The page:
A curious category of immigrant visas has come under national scrutiny after President Donald Trump revealed that the perpetrator of Tuesday’s terror attack in New York City used it to settle in the U.S. in 2010.
“The terrorist came into our country through what is called the ‘Diversity Visa Lottery Program,’ a Chuck Schumer beauty,” Trump tweeted. “I want merit based.”
Trump’s desire for a merit-based immigration system — not to mention his disdain for Schumer’s immigration policy preferences — is widely known. But the tweet did draw attention to a poorly understood visa program that has long been a lighting rod for controversy.
‘The Irish Program’
The Diversity Visa program was a provision of the Immigration Act of 1990, a bipartisan bill spearheaded by the late Democratic Sen. Ted Kennedy and signed into law by President George H.W. Bush. Sponsoring lawmakers, including now-Sen. Chuck Schumer, sold it as a way issue more visas to people from countries that had limited opportunities to immigrate through family reunification.
Kennedy’s original motivation was more specific: giving legal status to thousands of illegal Irish immigrants who arrived in the U.S. too late to qualify for a massive amnesty in 1986. The legendary Massachusetts senator and other Irish-American lawmakers devised the first green card lottery that year, making 10,000 visas available on a first-come, first-served basis.
Thanks to coordination with the Irish government, which submitted thousands of applications, the illegal immigrants from Ireland dominated the drawing, winning 4,161 of the 10,000 visas.
Kennedy and others successfully fought for the visa lottery to be included in the 1990 immigration bill, touting the program as a way to boost diversity in immigration. The formal diversity visa program took effect in 1995, with 55,000 visas set aside for applicants from countries that had sent less than 50,000 immigrants to the U.S. in the previous five-year period.
Throughout the 1990s and 200os, the program did in fact become more diverse, primarily benefiting immigrants from Africa and post-Soviet countries in Eastern Europe.
How it works today
Administered by the State Department, the Diversity Visa program allots 50,000 visas annually to individuals from from countries with low rates of immigration. Winners are selected via a random lottery system that takes no account of the applicant’s economic potential or familial connections to people already living in the U.S.
The requirements to apply for a Diversity Visa are relatively basic. Applicants can acquire eligibility by attaining a high school diploma or its equivalent, or at least two years of “work experience,” according to State Department regulations. As long as they are from a so-called “low admission” country, applicants don’t have to meet any other criteria.
The State Department divides Diversity Visa applicants by six geographical regions: Africa, Asia, Europe, North America (other than Mexico), Oceania and South America, and Central America and the Caribbean. In 2016, people from African countries accounted for 44 percent of the 46,000 visas issued, according to department data. Immigrants from Eastern Europe received 33 percent and those from Asia received 19 percent.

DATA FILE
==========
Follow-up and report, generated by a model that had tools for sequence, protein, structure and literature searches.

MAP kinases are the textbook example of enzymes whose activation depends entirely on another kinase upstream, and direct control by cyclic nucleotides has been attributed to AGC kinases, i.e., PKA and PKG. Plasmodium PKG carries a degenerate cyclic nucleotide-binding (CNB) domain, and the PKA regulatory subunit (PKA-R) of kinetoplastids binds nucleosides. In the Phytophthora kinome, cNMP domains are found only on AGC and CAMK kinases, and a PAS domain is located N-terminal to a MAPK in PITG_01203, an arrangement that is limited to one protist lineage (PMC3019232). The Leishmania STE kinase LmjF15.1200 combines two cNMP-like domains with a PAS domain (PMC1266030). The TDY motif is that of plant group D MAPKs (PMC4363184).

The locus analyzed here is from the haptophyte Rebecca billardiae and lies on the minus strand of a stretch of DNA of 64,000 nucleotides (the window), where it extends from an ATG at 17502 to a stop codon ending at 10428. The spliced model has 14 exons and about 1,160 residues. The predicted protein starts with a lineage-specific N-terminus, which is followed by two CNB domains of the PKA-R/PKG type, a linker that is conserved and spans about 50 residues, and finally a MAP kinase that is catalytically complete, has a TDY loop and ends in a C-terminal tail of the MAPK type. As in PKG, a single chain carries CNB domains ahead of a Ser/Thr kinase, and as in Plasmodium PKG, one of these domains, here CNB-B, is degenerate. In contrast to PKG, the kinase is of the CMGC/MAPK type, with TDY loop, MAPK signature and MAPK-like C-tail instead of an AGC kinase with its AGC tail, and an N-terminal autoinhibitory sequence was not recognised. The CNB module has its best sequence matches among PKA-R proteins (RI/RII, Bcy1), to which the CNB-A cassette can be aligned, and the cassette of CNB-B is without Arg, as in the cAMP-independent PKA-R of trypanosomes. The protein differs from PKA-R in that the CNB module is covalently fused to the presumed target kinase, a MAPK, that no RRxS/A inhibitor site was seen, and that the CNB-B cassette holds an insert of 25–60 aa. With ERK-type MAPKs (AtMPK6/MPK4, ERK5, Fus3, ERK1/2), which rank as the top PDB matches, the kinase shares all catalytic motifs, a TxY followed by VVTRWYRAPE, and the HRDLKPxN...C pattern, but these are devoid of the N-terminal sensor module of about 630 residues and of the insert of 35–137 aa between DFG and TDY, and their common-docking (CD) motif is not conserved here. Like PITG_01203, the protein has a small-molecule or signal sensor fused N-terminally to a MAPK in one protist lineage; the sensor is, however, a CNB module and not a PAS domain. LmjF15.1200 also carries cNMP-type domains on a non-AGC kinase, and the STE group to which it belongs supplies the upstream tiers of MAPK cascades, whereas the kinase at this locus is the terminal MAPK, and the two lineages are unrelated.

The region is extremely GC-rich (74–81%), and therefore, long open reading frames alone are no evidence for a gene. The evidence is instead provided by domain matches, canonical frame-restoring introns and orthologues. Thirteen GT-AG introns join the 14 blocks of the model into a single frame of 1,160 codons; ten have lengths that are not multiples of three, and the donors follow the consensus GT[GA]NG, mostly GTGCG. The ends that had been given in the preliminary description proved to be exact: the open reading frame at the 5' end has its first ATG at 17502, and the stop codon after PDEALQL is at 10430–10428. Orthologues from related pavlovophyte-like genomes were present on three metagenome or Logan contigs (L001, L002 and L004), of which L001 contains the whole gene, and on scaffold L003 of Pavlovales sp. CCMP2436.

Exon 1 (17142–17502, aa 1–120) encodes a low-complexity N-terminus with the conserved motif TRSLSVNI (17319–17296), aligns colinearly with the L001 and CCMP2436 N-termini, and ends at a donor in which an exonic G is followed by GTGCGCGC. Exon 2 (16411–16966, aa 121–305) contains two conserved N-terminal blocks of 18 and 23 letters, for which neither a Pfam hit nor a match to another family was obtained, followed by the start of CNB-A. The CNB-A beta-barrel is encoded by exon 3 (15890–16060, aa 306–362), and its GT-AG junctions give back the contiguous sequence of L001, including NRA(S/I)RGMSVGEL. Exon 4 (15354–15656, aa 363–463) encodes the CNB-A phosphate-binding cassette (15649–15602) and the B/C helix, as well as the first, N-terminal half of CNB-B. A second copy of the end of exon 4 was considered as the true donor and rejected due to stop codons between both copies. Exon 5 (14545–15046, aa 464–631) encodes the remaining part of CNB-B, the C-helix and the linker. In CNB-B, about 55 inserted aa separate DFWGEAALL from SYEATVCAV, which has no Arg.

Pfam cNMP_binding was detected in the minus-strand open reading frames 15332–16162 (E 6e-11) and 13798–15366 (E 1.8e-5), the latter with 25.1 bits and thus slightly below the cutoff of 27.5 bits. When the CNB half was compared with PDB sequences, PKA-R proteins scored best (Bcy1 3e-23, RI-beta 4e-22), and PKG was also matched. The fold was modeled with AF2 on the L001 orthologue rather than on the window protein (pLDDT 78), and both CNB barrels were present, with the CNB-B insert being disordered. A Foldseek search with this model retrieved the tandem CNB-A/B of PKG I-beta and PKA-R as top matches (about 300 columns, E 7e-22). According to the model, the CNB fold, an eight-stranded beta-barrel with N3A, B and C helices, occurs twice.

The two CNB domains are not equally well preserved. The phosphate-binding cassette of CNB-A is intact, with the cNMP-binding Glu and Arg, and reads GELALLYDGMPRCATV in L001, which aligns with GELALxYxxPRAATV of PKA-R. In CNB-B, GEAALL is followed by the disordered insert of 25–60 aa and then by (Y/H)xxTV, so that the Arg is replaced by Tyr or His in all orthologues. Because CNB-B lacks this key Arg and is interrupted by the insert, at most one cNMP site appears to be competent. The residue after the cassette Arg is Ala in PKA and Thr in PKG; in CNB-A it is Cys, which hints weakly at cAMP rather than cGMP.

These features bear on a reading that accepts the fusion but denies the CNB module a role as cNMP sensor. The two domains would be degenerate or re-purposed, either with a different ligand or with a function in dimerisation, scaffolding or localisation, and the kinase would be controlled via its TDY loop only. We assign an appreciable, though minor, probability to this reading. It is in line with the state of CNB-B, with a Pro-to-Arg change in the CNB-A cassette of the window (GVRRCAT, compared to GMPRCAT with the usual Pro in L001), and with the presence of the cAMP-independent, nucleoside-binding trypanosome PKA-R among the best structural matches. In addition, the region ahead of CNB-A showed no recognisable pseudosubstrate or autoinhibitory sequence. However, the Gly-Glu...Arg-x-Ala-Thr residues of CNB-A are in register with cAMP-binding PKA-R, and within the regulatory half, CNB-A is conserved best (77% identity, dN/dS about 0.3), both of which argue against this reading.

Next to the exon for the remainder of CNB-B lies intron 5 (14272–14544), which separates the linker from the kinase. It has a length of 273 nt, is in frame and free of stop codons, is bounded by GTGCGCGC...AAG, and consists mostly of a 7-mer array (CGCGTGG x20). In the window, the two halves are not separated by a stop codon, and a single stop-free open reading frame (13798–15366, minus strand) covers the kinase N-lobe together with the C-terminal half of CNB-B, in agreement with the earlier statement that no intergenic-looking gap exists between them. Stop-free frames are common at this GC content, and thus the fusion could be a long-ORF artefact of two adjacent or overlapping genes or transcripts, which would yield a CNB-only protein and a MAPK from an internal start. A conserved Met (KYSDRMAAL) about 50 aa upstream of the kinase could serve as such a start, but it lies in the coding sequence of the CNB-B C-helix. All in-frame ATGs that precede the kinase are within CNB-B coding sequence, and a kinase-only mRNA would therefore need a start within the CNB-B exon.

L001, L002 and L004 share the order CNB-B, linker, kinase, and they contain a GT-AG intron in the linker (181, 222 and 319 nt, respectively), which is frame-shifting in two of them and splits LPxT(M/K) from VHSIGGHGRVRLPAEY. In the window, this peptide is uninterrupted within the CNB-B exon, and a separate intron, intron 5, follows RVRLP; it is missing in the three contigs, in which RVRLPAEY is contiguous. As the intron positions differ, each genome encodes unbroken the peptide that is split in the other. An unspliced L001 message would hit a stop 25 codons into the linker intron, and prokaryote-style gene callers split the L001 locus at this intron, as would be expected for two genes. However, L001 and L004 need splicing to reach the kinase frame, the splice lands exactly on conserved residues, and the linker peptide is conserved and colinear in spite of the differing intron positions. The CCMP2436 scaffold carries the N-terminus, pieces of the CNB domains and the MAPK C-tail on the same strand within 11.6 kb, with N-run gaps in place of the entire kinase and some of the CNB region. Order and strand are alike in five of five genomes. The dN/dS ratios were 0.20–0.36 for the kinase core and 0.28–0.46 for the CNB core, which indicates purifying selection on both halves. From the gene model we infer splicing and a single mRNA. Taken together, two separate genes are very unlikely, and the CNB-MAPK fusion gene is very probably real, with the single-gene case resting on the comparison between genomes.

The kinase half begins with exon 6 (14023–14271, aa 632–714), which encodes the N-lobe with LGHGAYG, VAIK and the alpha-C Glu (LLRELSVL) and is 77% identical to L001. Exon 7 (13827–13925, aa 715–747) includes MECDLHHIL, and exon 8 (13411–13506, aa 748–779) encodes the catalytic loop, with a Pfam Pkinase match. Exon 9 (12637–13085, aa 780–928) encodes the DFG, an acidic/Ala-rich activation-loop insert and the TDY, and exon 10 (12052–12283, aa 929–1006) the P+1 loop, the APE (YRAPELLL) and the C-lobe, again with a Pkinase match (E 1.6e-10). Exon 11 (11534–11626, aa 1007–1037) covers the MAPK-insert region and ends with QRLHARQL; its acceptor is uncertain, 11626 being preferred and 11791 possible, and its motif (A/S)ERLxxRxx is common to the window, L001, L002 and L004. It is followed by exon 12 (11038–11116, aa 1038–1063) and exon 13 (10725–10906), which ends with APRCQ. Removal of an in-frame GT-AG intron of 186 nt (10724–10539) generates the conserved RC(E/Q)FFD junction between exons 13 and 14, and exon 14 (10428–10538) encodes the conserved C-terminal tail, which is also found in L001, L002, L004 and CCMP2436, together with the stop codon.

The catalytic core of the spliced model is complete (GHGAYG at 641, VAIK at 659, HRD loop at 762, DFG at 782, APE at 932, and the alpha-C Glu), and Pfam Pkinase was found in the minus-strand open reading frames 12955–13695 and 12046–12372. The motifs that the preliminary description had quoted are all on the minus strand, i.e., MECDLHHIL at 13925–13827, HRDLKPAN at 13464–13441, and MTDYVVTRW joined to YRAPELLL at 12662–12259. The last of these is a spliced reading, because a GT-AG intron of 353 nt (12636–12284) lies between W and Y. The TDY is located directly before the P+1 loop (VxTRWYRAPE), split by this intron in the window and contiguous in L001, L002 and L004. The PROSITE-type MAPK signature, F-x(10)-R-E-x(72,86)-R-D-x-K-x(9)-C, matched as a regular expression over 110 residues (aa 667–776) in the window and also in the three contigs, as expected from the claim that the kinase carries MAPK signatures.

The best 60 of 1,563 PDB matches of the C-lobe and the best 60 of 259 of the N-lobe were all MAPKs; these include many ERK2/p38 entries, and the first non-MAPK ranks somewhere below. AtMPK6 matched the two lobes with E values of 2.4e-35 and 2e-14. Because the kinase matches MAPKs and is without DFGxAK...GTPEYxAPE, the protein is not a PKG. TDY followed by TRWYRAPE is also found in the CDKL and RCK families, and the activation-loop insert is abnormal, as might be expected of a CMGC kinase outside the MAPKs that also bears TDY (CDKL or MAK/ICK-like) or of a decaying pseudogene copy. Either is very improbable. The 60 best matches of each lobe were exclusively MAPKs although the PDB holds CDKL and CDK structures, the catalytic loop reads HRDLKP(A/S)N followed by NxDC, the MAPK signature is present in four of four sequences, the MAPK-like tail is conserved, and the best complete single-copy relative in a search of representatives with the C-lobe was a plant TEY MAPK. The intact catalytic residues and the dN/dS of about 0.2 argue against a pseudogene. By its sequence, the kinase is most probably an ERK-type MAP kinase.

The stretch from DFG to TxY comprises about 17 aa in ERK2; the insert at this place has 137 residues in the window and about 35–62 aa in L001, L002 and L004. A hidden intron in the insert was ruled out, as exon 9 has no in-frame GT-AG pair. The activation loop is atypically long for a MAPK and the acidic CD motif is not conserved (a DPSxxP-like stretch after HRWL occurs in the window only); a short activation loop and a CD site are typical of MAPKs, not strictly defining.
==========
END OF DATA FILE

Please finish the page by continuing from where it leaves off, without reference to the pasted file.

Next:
Diversity Visa applicants are subject to the same security vetting process as other immigrant visa applicants, including a federal background check and interviews with U.S. consular officers in their home countries.
Old doubts and fresh questions
Sayfullo Saipov’s attack has precipitated a torrent of questions about the Diversity Visa lottery, but this is not the first time critics have expressed doubts about the program.
Immigration hawks have long claimed the program is unnecessary and provides little, if any, benefit to the the national interest. The Center for Immigration Studies, a leading critic of the Diversity Visa, says it invites fraud, poses security risks, and does little to actually diversify the immigrant population.
In recent years, lawmakers have debated whether or not the Diversity Visa should be scuttled. The so-called Gang of Eight immigration reform bill of 2013 would have eliminated the program in exchange for increases in immigration through other channels. That bill passed the Senate, but later died in the House after lawmakers declined to vote on it.
This summer, Republican Sens. Tom Cotton and David Perdue introduced a bill known as the RAISE Act that would do away with the Diversity Visa and transition to a merit-based immigration system. The White House has backed the bill, but several leading Republican senators, including John McCain and Lindsey Graham, have balked at supporting a law that ratchets down legal immigration levels.
After Tuesday’s attack, GOP lawmakers rushed to highlight their own efforts to get rid of Diversity Visa. Sen. Jeff Flake reminded his followers that the Gang of Eight bill, which he co-authored, would have killed the program.
“Actually, the Gang of 8, including @SenSchumer, did away with the Diversity Visa Program as part of broader reforms. I know, I was there,” Flake tweeted in response to Trump’s swipe at the New York Democrat.
Perdue called for eliminating the “outdated” program by incorporating provisions of the RAISE Act into an immigration deal.
“President Trump is right, the Diversity Visa Lottery Program is a problem and is plagued by fraud,” he said in a statement.
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